The 2016 survey was conducted on all 53 judges and 12 commissioners serving in King County Superior Court. The survey was conducted from November to January. Survey development methods were similar to those used by KCBA since 2007. However, the survey administration was conducted in a different manner from that used in the past; a single online survey was used instead of a separate survey for each judge.
An important component of any judicial evaluation program is to obtain information from individuals who have had an opportunity to personally observe the judge during the relevant time period. Accordingly, rather than attempt to survey all members of KCBA or all lawyers practicing in King County, only attorneys who were identified as having appeared before any of the 53 judges and 12 commissioners were invited to participate in the survey.
Attorneys were provided “pre-
populated” surveys for those judges whom they have appeared before in the last four years and, if they had appearances that were not listed in their pre-populated list, they were instructed to evaluate only those additional judges before whom they had appeared at least once in the past four years.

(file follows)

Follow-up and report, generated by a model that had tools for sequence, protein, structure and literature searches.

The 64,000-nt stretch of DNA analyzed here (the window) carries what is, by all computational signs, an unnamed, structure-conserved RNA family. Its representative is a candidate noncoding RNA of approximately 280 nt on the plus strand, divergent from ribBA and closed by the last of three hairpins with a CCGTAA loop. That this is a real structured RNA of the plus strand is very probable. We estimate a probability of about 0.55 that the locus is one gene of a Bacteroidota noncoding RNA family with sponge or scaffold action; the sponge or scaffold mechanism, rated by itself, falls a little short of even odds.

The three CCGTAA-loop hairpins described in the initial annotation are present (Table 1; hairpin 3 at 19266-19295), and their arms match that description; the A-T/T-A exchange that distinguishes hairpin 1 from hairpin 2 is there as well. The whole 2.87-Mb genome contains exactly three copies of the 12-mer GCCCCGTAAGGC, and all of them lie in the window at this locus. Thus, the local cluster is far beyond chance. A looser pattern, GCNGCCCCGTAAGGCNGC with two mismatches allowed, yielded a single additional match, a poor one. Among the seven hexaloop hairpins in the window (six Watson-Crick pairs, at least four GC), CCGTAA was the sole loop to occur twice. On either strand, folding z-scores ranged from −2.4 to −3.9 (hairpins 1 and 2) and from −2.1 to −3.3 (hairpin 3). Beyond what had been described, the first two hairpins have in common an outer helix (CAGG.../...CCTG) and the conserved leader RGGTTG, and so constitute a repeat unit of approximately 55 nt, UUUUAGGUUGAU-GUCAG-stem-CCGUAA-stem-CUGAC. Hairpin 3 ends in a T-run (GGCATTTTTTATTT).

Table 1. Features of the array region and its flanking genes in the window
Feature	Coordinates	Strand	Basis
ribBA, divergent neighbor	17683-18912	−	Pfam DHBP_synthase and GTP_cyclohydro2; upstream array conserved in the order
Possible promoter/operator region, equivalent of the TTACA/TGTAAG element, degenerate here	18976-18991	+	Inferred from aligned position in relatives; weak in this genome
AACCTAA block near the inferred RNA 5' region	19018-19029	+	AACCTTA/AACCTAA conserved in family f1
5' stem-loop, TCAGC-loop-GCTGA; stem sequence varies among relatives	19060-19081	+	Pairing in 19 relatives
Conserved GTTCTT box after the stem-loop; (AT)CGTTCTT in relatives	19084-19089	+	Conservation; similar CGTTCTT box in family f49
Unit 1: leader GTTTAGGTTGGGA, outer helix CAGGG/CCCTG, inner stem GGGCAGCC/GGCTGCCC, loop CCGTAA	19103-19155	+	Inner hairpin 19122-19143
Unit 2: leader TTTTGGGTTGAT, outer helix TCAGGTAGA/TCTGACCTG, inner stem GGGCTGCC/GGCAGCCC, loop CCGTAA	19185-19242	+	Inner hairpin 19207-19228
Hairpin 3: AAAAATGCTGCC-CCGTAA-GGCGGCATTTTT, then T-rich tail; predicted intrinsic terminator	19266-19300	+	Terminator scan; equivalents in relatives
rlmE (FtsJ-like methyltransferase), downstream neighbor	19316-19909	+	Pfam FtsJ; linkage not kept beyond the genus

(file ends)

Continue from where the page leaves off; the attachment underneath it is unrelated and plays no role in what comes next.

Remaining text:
Attorneys were identified by several means. First, a report of all attorneys and their appearances at trials, hearings, and other in-court proceedings in the relevant courts during the previous four years was generated by the Superior Court Clerk’s Office. From this database of nearly a half million records, a unique list of attorneys with a recorded appearance before any of the judges to be evaluated was generated. Any attorney who had subsequently become a judge in one of the courts being evaluated was eliminated from the distribution list.
Second, King County attorneys were alerted via email about the survey. Finally, a notice about the survey was included in the Bar Bulletin in November. Any attorney who was omitted in error from the pre-populated list was instructed to email KCBA to request a survey invitation. The invitation list was checked for duplicates before invitations were sent.
KCBA provided the survey to more than 8,400 recipients; 1,388 attorneys completed the survey, which represents a 16-percent response rate. Four completed surveys were eliminated due to a negative response to the pre-survey certification questions. There were 547 completed surveys for Superior Court commissioners.
Judges and commissioners’ response numbers included in the analysis ranged from a low of 20 to a high of 399 evaluations. A total of 64 judges and commissioners had at least 21 respondents evaluate them and more than half the judges and commissioners were evaluated by more than 105 respondents. The average and median numbers of responses per judge and commissioner (among those with more than 20 respondents) were 112.75 and 104.5, respectively. These figures are sufficiently high so as not to indicate unreliability.